If you're a small business owner that shuttered your doors throughout the Coronavirus pandemic, just know that you're not alone. This is all new territory for millions around the country and the world; how to keep business going, how to service customers, and the while keeping each other safe.
Whether you have been mandated to shutdown a physical location or office, been laid off and are venturing to start your own business, working from home and looking for new customers, or gearing up to reopen your brick and mortar as soon as possible, it goes without saying that your routine will not be going back to normal. The new normal is in - from masks, hand sanitizer to curbside pick up and plastic partitions - it's important set a precedent around safety and abide by new research around Coronavirus as it updates in real time.
Here are a few ideas to keep in mind as you prepare to welcome customers:
Show customers you're taking their safety seriously:
Make it known that you have rules and are up to date on what's going on around Coronavirus research. When we thought the virus was more contagious on surfaces, it was so important to wipe down every surface. Now that we know it's equally (or more so) viral in the air; it's necessary to rethink the whole space and environment in which you conduct business.
Whatever type of business you choose - erring on the side of caution portrays care and consideration to your customers as well as to yourself and your loved ones. In a scenario like a global pandemic, you as the business owner are at risk reopening just as your customers are to come into contact with you.
Set up expectations everywhere you can:
As it's been reported on, not everyone wants to take precaution around Coronavirus. So much so that it's been instructed by the CDC to not enforce mask rules to avoid conflict. All we'll say is do what you have to do to keep yourself safe! For small businesses who are working one-on-one, it's easier to manage expectations and set the guidelines for appointments and sessions, versus a small business owner who runs a shop. And of course; if you can work from home or meet with clients online, the risk becomes obsolete. Add your guidelines to your website, periodically showcase them via social media posts, and if you are working with clients individually or in group settings, share in advance so that people can prepare.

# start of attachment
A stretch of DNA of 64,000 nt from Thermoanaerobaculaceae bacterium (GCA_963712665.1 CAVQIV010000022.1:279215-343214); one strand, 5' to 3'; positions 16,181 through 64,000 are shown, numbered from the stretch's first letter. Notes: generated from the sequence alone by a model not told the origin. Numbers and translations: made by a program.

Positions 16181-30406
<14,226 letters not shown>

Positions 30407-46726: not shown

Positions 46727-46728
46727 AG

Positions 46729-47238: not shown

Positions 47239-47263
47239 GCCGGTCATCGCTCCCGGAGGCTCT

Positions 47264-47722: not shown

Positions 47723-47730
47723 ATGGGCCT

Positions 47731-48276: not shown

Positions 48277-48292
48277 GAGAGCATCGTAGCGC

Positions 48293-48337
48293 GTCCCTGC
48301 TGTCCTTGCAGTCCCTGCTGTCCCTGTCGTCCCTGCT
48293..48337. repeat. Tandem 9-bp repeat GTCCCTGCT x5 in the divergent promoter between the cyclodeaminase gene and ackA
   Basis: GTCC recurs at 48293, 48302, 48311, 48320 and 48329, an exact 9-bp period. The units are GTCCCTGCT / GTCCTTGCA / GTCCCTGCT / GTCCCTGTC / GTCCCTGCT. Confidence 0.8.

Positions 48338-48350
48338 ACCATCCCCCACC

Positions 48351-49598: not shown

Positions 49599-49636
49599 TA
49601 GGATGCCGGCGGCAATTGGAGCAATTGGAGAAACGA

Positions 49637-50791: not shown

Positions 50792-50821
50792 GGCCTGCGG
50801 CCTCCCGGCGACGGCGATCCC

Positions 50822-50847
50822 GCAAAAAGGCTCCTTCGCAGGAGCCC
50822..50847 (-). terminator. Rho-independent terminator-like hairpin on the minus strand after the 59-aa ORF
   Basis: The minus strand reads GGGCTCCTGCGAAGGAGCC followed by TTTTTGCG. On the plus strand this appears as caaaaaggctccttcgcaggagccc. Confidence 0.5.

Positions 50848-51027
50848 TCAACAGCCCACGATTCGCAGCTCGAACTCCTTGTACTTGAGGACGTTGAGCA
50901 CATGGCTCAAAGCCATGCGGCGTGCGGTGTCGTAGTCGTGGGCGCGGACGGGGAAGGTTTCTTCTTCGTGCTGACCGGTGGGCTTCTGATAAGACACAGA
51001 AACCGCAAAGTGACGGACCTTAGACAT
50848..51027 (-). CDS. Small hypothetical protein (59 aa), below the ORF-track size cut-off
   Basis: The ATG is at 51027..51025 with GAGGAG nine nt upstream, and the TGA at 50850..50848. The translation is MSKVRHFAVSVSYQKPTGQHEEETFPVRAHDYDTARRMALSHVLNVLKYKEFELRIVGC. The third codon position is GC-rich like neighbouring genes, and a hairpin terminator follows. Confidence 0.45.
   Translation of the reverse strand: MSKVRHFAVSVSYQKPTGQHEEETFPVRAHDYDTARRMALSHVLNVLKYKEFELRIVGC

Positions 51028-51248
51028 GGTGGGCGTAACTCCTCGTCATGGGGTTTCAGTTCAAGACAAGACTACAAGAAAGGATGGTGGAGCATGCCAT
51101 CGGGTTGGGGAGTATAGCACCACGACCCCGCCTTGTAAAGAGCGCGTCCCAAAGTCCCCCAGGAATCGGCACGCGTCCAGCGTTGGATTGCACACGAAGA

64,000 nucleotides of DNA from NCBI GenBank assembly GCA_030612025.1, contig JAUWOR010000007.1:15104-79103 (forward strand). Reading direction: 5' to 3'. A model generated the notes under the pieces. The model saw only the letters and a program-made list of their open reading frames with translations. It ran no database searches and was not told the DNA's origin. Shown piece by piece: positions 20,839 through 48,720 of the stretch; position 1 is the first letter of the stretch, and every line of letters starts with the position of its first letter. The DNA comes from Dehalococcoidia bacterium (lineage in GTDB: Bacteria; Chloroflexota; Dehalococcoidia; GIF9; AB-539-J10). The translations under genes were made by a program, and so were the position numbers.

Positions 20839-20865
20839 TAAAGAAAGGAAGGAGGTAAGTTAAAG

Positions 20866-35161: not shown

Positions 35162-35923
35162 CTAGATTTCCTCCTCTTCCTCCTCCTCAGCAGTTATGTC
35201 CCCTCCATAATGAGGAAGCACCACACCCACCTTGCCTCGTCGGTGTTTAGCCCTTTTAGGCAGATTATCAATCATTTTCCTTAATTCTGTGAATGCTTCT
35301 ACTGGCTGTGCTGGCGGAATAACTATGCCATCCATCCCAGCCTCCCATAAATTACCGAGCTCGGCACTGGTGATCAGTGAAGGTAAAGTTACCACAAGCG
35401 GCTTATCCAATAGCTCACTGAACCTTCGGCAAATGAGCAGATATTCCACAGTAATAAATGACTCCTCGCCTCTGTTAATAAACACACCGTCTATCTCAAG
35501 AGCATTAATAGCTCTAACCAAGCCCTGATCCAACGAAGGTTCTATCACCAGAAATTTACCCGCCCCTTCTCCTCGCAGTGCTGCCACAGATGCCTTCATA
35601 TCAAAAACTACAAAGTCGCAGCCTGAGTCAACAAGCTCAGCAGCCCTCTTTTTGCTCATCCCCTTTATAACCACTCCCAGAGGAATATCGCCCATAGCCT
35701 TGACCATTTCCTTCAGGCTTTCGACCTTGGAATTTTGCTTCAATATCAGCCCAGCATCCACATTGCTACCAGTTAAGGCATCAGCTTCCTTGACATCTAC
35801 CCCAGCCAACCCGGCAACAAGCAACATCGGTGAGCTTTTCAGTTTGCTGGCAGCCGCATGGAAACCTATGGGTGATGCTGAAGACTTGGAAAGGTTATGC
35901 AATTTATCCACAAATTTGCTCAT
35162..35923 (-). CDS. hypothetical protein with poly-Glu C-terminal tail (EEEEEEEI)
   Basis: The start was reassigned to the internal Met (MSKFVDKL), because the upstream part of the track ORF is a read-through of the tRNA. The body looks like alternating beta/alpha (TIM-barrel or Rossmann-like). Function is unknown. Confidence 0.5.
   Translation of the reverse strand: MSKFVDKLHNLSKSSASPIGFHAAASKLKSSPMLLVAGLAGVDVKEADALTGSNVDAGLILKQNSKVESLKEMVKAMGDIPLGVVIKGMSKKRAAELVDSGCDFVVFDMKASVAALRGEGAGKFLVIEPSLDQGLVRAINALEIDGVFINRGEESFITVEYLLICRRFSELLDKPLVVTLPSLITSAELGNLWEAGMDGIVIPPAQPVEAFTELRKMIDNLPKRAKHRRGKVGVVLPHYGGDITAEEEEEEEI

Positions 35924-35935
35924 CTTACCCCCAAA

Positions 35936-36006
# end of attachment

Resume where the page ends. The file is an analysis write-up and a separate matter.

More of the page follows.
Minimize face to face exposure:
For those small businesses or one-person businesses who rely on face-to-face meetings, appointments, classes or ongoing sessions - see where you can cut out close contact exposure. For instance, scheduling a next appointment or comparing calendars: push customers to do any of that back and forth through an online scheduling tool that showcases your availability. You do not need to do this in person. Not sure what tool is best for you? Here are some great tools with free options: Hubspot Meetings Tool, Calendar, Setmore, Bounce House, SimplyBook:, Square, Calendly, Acuity. Learn more about scheduling tools here!
Additionally, make checkout as easy as possible. Consider hardware point of sales tools for a quick credit card swipe, or invoicing through the computer or phone directly to payout. Here are some excellent POS tools that won't break the bank: PayPal, Stripe, Bounce House, Square, Shopify, ShopKeep, Intuit QuickBooks, Vend, Revel System. Get a full breakdown of affordable point of sales systems here!
Build cleaning into your schedule:
Cleaning is your new favorite chore. Make sure to make time for sanitation, as well as providing cleaning supplies and materials to your staff, offer sanitizer to customers, take temperatures every day, and keep the most trafficked surfaces spotless like doorknobs and light switches.
Reimagine the experience:
And finally, since nothing about living through a global pandemic is normal, recognize that it's very possible what you used to do cannot be done today. How can you reimagine the experience between your business and your existing and new customers so that everyone is comfortable? What can you do outside? What can you do remotely? How much can you achieve in a day with added time for cleaning? What can you achieve in a day with limited capacity restrictions? How can you set up space differently? You might find that these creative ideas are worth continuing or adding to your business experience long after the pandemic has passed. Learn more about how to expand your business offerings online.
Is it go time yet? Here at